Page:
SARANAC LAKE — The Saranac Lake 6er bell has been silenced … again.
Village Administrative Assistant Cassandra Hopkins said the bell went missing from where it hung at the Berkeley Green gazebo on Nov. 8 and has not been seen since.
Ringing the bell is the cherry on top of completing the Saranac Lake 6er Hiking Challenge. Only after summiting Ampersand, Baker, Haystack, McKenzie, St. Regis and Scarface mountains can hikers ring the bell.
Now, the hook sits empty and hikers will have to finish the challenge with only the satisfaction of their accomplishment — and maybe a patch.
A history of theft
Hopkins said the bell has disappeared and reappeared several times since it was first installed in 2013.
Former Saranac Lake resident Joe Dockery came up with the idea for the bell and donated the $450 ringer to the village.
The bell was stolen in 2013, a mere four months after Loring Porter of Lake Placid became the first Saranac Lake 6er.
John Varga, who owned the former Eat n’ Meet Grill and Larder on Broadway, donated another bell.
Two-and-a-half years later, as Dockery did some yard work outside of his home, a young man approached him and told him he knew where the bell was — high up on Dewey Mountain. The man returned two days later and left the hefty bell on Dockery’s porch in a bag.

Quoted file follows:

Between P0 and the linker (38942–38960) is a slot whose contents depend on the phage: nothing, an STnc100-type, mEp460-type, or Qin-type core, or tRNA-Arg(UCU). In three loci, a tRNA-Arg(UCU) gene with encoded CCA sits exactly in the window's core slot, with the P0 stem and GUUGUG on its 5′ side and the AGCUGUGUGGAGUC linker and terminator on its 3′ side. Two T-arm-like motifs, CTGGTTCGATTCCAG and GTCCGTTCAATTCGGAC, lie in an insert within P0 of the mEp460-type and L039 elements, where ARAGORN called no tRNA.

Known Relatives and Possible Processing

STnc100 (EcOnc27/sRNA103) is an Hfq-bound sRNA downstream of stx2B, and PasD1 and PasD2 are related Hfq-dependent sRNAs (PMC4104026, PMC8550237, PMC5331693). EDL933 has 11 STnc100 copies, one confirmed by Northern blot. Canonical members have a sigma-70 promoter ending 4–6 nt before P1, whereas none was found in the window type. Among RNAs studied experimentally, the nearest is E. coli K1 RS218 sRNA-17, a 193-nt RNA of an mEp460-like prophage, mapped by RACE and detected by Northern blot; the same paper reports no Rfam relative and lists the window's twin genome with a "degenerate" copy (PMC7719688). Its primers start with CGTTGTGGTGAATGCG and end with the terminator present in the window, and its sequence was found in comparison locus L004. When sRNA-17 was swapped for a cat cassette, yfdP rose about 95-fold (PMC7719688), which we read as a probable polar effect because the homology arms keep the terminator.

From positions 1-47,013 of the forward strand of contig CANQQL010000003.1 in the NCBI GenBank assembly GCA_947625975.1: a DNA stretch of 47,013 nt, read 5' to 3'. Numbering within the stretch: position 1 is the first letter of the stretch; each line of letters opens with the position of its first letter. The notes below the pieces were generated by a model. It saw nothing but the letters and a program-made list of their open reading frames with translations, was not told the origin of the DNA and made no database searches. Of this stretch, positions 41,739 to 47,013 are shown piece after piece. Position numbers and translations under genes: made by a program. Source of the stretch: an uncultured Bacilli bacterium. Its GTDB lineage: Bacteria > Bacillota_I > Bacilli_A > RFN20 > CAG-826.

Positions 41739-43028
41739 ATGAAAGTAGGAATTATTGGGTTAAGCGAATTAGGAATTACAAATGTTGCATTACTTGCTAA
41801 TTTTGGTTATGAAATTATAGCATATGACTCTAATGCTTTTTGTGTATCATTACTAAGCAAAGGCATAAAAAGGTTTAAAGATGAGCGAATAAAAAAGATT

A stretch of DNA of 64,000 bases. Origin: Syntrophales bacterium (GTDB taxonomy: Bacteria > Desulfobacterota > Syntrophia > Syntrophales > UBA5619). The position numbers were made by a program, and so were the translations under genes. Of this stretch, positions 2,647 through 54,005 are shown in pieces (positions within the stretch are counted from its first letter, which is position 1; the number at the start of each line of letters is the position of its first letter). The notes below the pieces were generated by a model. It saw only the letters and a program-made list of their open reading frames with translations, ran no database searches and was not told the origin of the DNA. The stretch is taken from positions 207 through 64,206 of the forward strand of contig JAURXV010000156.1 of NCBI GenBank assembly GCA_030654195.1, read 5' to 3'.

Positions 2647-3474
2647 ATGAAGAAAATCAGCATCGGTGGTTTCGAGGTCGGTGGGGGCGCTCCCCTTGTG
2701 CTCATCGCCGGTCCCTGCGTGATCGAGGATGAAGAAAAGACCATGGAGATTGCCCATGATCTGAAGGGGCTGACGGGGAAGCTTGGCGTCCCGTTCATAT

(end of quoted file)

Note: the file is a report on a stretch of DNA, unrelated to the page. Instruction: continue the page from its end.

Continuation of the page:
“There were no questions asked. I didn’t know who it was, but he said he knew the people who took it,” Dockery, who now lives in Virginia, said on Monday. He said he was just glad to have it back. “It was a little bit odd, but someone must have felt guilty.”
Saranac Lake Mayor Clyde Rabideau said Dockery’s bell was returned to the gazebo. Hopkins said Dockery’s and Varga’s bells have been swapped in and out for repairs over the years. Rabiedau said he believes the village returned Varga’s bell at some point.
Dockery said he likes the 6er hiking challenge because it’s a “do-able goal.” The Adirondack 46er challenge is “daunting and impressive,” he said, so the 6er challenge is a good introduction or alternative.
“I’d hate to have it become some sort of fraternity prank,” he said. “If that’s the case, so be it. I guess you just have to tolerate the immaturity of others.”
“Ay caramba,” Rabideau said. “We’ll have to get another one. It’s tradition. … Not bad. Six years (without a theft) is a good run.”
Six years since the original bell was returned, it disappeared again.
“Could it be fate?” Rabideau asked.
The Kiwassa curse
Hopkins said it is possible whoever took the bell may suffer the “Kiwassa curse,” a hex placed on anyone who rings the bell without hiking all six peaks first.
“That person probably has boils all over their body,” Rabideau said, then referencing the Biblical figure Job, whose faith was tested by horrible tragedies.
“The Kiwassa curse will make Job look like he had a walk in the park,” Rabideau said.
Anyone with information about the missing bell is encouraged to chime in and contact the village at 518-891-4150.